So, how’d the actual mammogram go, then?

So, how’d the actual mammogram go, then?

This is Part Three of this story. Here’s Part One. Here’s Part Two. There is nothing quite so lonely as going to get your very first mammogram on a cold and rainy Christmas Eve morning, at a time when you’d normally just be finishing up your first cup of coffee, let alone been awake enough to drive across town.

Hmm. I thought I did, but I didn’t actually take a photo of the building. Well, probably looks like any health clinic anywhere. Mostly glass and steel, five or six stories tall (nothing in Gainesville is more than eight stories; long story). Gray sky, cold wind, looked like rain. Ungodly o’clock in the morning.

I got there pretty much right on time, filled out my paperwork, and sat down to knit – but was called in almost immediately, where I was supposed to change into one of those backless gowns. I was a little disappointed that unlike the office Sharon told me that she had been to, the changing room did not look like a set out of Logan’s Run. It looked more like a closet from Laura Ashley. You’re not supposed to wear deodorant (the metals can interfere with the readings) but they put spray-on deodorant you could choose to put on after, if you wished. And they’d forgotten to tell me but not like I wear a lot of dresses anyway, but all you have to take off is your top and bra. You leave your pants and shoes on. I put my stuff in the locker she indicated, and went and sat in the secondary waiting room. I wasn’t supposed to bring anything in the room with me. Pro Tip when wearing backless gowns? Don’t lean back on the Naugahyde chairs. That shit’s cold.

I only had to wait a few minutes (they were awfully zippy). Then it was time to face The Machine. The radiologist talked to me a little bit, first, taking a brief medical history of mostly “is there a history of cancer in your family” and “when was your last period”. She told me all about this new 3D imaging machine that wasn’t like previous mammogram machines, and how there were only about 250 in the country, and it was new technology and they were finding smaller and smaller cancers, and so on. She was very nice, very personable, very respectful, borderline funny, and when I faced the machine I totally burst into tears. My boob hurt, I know I could feel it, I just knew that she was going to tell me that I had cancer and perhaps my breasts might fall off before I left the room.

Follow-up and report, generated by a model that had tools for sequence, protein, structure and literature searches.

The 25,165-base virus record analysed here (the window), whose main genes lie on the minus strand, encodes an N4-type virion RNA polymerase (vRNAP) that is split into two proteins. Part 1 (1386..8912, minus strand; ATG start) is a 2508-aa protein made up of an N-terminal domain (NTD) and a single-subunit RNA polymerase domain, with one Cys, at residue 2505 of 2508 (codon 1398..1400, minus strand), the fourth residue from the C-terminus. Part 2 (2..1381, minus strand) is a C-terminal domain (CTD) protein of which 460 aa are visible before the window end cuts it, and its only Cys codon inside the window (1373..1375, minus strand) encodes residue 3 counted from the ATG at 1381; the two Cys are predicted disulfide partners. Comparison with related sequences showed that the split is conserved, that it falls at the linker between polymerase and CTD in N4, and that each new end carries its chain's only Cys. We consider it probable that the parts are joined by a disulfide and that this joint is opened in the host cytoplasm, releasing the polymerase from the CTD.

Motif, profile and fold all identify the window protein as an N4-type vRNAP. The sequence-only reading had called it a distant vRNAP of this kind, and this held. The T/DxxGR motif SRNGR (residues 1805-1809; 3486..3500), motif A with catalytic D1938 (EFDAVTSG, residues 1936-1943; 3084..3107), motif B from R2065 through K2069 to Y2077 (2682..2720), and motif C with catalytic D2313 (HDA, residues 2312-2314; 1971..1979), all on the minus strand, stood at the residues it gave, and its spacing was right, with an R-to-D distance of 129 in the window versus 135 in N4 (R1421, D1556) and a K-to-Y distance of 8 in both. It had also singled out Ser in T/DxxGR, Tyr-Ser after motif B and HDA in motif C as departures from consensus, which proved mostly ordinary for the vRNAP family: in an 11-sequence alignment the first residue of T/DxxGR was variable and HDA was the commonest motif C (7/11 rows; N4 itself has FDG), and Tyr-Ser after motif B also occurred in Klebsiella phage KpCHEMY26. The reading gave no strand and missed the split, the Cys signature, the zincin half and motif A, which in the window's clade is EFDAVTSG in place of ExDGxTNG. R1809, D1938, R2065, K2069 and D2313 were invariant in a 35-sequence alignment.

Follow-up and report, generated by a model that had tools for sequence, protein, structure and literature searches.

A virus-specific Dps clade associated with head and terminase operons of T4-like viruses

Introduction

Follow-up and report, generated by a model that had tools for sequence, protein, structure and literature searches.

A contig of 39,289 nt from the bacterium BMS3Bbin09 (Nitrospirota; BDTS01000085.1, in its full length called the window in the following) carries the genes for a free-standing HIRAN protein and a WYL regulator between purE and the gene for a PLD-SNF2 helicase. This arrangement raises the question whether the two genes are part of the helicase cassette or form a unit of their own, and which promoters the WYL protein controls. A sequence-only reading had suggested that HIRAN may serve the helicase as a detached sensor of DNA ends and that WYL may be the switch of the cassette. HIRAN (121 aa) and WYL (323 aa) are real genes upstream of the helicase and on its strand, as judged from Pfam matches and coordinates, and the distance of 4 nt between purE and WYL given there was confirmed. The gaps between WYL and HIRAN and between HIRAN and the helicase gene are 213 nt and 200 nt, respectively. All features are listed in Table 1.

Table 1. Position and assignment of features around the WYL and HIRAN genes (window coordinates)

This is where I have to give mad props to people who do I job I know I couldn’t do, because she was totally cool. She agreed she gets that a lot, and my god, but I could just not work in a job where people cried at me all the time. Yeah, I have a heart. I’d feel for ya. But after about the fifth or sixth one a day, JESUS, I’d be clawing my eyes out.

I was trying to explain to her that I don’t have a fear of having EXACTLY breast cancer, but I do have a fear of being told I have cancer, even though – and this will make NO SENSE unless you know me pretty well – I am not afraid of having cancer. See, with being told one has cancer, there are too many ways that can go. I can’t make a plan with that. But actually having cancer? Well, there are only two options; living, or dying, and my plan would be to live (although if it did kill me, I would go kicking and screaming, punching it in the face the whole way).

The actual mammogram was really not as bad as I’d been lead to believe (IE, lay down in the road and have someone run over your breasts with a car). The machine wasn’t cold, it didn’t have sharp edges, and the squeezing wasn’t nearly as hard as I thought it would have been. Maybe I just don’t have sensitive breasts? But if that’s so, why would Lenny – my cyst who is about the size of a mustard seed – hurt like a MoFo? Cysts hurt. Mammos do not. Go figure.

And that was pretty much it. Pictures of both breasts, top down and sideways, she looked at the images right then to see if they needed to be retaken, and then it was all, “there’s the changing room and checkout is down the hall.” I think the whole thing took less than an hour.

Then began the waiting game of “how long does it take them to look at my charts over the Christmas holidays and how soon can I get the results.”

2 thoughts on “0

  1. For some reason that I can’t remember, I had to have a mammogram when I was in college. I don’t know how the technology compares today, but I know that I was not prepared, in the late 1990’s, to be that forcefully squished. But then, I’ve heard that if you are a larger person (with more tissue mass in the boobs), that it hurts more. I just hope my memories are worse than the next one will be.


  2. In my experience, it’s not the squishing that hurts so much, it’s the attempts to get ALL the breast tissue in the machine that hurts — cause they’re trying to get tissue that’s right against the chest wall moved into the machine. Ouch. My regular mammogram place has nice foam padding on the machine that makes it much less cold as well.

    It remains very strange to be handled the way the tech handles you though… and I can’t help wondering what they tell people who ask what they do for a living? “I flip boobs around all day.”

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